Microsoft_Press_ebook_Introducing_Windows_Server_2012_R2_PDF.pdf

Idle worker process page out a second scalability

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The Configuration Editor configures Dynamic Site Activation. Idle Worker Process Page-out A second scalability issue that can be experienced on IIS servers hosting large numbers of sites has to do with cold requests. A cold request is a request that comes for a worker process that has not yet been started. The cold request has to wait for IIS to initialize, for the appropriate framework (for example, .NET or PHP) to initialize, for the associated site to initialize, and so on. As a result, the response time to cold requests with previous versions of IIS sometimes left something to be desired. This issue was partly addressed with IIS 8 in Windows Server 2012 where static sites responded much more quickly (typically a few hundred milliseconds) to cold requests than for IIS 7 in Windows Server 2008 R2. However, there was only a small performance improvement in IIS 8 for dynamic sites with managed code, with such sites typically taking several seconds to start in response to cold requests, largely because of the time needed to load the application framework needed by the site. From the perspective of the hoster’s customers, however, taking several seconds to launch their LOB web application can be viewed negatively as unacceptable and poor performance. To improve the start time for dynamic sites in response to cold requests, a module called Application Initialization, was included in IIS 8 in Windows Server 2012 that allowed the administrator to preload the application framework needed for a dynamic site so that the site could respond to a cold request in a few hundred milliseconds instead of several seconds. However, this module is not useful for hosters because such preloaded application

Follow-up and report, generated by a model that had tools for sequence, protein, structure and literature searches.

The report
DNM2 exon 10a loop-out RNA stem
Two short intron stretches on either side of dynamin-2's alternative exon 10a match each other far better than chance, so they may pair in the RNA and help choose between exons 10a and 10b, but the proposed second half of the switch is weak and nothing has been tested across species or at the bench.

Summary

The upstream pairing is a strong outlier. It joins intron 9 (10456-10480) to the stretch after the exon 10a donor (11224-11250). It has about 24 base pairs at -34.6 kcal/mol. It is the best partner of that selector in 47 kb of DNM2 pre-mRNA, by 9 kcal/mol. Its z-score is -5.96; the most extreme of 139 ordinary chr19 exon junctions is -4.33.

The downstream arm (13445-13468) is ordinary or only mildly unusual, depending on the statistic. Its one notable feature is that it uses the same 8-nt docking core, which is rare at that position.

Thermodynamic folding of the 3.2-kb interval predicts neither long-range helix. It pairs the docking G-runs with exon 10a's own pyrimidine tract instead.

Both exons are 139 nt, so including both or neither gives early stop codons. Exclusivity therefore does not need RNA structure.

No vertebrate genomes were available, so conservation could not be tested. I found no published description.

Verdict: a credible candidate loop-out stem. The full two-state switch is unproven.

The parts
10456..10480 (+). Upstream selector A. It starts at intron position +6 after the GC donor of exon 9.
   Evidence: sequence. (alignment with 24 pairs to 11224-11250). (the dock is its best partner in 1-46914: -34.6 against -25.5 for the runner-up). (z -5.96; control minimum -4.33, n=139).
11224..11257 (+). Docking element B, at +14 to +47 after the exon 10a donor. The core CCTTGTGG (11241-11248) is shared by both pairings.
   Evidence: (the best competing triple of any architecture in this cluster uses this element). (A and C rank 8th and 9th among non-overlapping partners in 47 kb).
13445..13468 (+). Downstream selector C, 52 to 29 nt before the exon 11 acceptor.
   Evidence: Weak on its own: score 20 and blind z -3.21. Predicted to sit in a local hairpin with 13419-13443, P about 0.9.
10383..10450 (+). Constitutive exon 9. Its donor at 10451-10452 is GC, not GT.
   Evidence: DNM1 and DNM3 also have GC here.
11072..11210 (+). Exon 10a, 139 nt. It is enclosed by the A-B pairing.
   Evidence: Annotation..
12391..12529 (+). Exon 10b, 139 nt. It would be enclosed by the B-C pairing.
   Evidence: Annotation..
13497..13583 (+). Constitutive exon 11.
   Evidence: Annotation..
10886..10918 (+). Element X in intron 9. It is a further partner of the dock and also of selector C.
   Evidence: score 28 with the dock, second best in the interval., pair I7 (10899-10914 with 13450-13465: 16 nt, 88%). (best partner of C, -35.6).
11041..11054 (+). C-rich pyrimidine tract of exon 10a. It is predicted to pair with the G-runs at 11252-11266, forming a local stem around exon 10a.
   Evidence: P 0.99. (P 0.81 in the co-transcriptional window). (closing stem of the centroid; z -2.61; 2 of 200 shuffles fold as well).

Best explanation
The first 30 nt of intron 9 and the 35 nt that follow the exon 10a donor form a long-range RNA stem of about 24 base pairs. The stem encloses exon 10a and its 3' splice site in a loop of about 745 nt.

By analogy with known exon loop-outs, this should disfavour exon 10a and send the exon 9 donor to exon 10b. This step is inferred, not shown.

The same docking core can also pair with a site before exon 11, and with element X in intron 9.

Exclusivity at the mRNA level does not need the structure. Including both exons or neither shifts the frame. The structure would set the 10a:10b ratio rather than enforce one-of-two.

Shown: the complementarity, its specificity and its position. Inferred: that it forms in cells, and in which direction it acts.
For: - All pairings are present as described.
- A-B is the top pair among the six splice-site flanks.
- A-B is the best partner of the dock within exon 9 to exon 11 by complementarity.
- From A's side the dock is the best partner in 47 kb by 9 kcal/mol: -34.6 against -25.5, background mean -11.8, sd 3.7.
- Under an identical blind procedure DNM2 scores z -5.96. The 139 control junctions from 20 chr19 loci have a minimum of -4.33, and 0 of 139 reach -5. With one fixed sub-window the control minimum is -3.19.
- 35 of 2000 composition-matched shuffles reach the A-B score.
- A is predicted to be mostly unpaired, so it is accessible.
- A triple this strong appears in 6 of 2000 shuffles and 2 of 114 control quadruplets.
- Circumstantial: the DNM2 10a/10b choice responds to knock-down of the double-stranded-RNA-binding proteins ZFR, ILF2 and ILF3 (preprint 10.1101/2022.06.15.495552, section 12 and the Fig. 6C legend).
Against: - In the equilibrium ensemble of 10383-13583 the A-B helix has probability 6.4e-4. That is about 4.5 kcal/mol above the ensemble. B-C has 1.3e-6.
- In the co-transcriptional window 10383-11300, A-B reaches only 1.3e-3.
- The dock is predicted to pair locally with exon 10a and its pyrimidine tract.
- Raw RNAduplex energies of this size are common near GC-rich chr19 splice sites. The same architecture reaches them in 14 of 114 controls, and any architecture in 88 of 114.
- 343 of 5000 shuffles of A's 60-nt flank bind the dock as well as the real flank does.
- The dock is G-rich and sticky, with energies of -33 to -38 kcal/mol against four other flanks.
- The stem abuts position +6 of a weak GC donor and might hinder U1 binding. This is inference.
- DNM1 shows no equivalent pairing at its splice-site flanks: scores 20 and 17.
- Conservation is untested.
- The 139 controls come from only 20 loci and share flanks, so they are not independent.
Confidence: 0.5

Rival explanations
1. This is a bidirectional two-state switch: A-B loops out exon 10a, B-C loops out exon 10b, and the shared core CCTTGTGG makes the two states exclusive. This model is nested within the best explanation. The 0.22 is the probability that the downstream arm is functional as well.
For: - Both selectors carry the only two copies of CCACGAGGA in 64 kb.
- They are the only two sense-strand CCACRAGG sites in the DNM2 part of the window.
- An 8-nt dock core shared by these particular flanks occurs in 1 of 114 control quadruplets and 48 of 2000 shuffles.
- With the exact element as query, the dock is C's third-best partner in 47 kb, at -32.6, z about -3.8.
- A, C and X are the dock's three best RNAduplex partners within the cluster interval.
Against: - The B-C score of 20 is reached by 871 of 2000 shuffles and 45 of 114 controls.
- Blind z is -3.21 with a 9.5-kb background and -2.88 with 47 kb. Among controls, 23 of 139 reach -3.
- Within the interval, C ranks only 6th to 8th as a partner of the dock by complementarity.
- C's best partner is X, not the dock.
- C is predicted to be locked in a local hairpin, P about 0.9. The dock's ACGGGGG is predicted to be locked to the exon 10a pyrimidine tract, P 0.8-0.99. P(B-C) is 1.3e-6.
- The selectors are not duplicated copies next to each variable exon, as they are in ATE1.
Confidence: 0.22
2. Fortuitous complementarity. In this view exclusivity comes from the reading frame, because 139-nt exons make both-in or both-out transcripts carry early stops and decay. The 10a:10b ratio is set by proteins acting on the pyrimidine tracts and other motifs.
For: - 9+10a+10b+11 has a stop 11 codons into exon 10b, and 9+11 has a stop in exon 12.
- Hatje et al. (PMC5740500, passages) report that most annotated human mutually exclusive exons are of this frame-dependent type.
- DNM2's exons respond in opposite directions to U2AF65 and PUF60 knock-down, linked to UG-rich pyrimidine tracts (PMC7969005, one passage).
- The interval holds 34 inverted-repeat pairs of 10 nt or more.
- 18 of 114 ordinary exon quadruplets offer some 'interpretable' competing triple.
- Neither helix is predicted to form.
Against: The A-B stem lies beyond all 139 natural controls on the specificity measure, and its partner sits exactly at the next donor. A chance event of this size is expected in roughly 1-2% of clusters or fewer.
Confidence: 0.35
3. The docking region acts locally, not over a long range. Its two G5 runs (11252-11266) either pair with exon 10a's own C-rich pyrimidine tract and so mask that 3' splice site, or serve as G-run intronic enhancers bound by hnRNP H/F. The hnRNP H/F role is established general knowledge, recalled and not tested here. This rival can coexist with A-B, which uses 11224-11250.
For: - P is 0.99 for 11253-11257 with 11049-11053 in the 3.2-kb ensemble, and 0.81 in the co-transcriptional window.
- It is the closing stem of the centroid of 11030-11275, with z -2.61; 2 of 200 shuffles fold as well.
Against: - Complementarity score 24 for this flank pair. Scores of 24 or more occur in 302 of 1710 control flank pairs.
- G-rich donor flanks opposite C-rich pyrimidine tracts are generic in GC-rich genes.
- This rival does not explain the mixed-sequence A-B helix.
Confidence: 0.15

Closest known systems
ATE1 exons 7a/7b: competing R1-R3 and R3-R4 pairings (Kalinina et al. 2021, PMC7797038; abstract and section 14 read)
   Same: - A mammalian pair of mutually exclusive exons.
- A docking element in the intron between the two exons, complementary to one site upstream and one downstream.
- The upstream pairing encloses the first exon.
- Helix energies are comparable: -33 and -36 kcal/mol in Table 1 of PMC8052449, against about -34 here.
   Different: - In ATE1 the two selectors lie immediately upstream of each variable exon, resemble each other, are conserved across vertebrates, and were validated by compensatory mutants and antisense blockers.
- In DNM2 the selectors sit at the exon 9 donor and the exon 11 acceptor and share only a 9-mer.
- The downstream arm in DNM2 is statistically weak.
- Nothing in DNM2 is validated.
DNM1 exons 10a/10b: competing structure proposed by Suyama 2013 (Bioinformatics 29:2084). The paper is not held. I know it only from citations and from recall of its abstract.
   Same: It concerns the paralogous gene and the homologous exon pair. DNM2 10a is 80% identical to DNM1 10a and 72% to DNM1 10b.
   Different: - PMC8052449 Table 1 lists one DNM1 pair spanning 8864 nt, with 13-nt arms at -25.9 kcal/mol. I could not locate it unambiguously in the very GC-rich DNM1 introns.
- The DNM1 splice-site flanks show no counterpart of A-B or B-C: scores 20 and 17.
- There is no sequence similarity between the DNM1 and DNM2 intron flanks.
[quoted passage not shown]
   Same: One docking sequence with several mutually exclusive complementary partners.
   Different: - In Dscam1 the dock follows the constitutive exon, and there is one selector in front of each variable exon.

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Idle Worker Process Page-out CHAPTER 8 157 frameworks consume additional memory for each site configured to use them. Since the IIS servers of a hoster are typically hosting thousands of sites and are usually memory-bound (assume at least 100 MB needed per dynamic site), such preloading application frameworks for all sites hosted on a server just wasn’t feasible. IIS can partly address this problem by killing idle worker processes after a default of 20 minutes of inactivity, and WAS can halve this time interval if it determines that memory pressure has reached 80 percent on the server. IIS 8.5 in Windows Server 2012 R2 now takes a different perspective on how to address the problem of cold request delays for dynamic sites. A new feature called Idle Worker Process Page-out, saves memory by allowing an idle worker process to be paged to disk so that the worker process is removed from memory. The page-out feature can be made to perform even better by utilizing a solid state disk (SSD) for the paging file of an IIS server. The result is that memory pressure can now be greatly reduced for servers hosting thousands of dynamic sites and the response time to cold requests for these sites can be significantly improved.
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